British consumer confidence has dropped for the first time in six months in July, according to a survey.
GfK NOP's headline consumer confidence index dropped to -2 in July from 1 in June 2014, which had been the first positive reading in the survey in more than nine years.
A Reuters poll had forecast a rise to 2 in the main index, which had been steadily improving from readings well below zero.
Nick Moon, managing director of social research at GfK, said in a statement: "No sooner had the Index crossed into positive territory last month – for the first time in nearly 10 years – than it fell back into the negative, standing this month at -2.
"All five of the component parts of the Index fell this month, with four-point drops in both the questions about the country's general economic situation being particularly noticeable.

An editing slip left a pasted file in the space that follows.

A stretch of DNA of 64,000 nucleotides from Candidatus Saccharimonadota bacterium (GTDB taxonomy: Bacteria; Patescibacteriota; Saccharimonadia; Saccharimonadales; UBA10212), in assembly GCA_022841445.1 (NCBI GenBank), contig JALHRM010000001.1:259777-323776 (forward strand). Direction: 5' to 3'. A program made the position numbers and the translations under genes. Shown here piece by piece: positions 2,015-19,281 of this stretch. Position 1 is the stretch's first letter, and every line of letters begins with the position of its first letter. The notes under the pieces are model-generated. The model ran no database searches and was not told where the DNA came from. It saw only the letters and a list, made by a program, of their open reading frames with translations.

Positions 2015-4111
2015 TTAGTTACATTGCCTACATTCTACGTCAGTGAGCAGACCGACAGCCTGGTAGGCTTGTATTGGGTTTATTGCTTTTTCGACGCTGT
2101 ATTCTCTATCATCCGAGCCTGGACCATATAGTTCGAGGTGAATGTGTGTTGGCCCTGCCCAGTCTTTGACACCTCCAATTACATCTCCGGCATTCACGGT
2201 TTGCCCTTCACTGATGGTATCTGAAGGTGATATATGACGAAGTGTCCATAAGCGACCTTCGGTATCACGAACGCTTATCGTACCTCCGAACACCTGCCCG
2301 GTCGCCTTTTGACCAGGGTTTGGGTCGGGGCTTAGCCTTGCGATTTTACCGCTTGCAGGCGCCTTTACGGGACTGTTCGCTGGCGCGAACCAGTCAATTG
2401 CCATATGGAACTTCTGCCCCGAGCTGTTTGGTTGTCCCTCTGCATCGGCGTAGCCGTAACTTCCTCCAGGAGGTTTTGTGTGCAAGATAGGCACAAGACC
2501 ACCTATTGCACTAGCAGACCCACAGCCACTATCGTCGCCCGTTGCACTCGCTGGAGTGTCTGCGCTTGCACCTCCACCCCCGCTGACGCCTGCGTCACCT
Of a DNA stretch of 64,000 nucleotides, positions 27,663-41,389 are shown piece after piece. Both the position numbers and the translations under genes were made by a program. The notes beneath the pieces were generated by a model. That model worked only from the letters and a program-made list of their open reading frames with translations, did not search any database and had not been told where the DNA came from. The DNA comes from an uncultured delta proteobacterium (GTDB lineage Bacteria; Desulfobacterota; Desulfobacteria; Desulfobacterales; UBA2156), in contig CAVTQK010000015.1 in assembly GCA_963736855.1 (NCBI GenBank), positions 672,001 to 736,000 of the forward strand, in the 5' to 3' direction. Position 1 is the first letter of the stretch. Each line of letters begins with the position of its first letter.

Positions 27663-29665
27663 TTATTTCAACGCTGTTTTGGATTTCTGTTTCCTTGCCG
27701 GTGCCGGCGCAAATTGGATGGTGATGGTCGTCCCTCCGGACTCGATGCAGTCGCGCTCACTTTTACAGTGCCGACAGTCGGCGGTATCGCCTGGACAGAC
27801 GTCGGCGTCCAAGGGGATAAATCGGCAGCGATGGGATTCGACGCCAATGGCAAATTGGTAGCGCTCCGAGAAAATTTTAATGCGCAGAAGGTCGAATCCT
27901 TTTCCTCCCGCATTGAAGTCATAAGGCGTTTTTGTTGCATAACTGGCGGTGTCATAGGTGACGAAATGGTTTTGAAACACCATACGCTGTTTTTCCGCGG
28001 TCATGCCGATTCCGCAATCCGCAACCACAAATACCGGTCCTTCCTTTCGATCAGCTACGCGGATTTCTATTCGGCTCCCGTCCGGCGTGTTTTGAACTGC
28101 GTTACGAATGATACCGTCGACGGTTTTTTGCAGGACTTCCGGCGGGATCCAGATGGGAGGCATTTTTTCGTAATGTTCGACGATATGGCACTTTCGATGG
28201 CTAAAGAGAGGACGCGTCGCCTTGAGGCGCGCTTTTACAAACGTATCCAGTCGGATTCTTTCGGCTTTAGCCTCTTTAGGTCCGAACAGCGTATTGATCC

"The almost relentless rise of the last six months couldn't continue indefinitely, and the government will be hoping this is just a temporary setback rather than the forerunner of a wider decline in confidence."
The results of a separate consumer confidence index, compiled by Lloyds and published last week, dropped for the first time this year in June.
The UK economy is now bigger than it was before the financial crisis struck in 2008. Strong second-quarter growth will help keep the economy on track to lead the way among developed countries in 2014.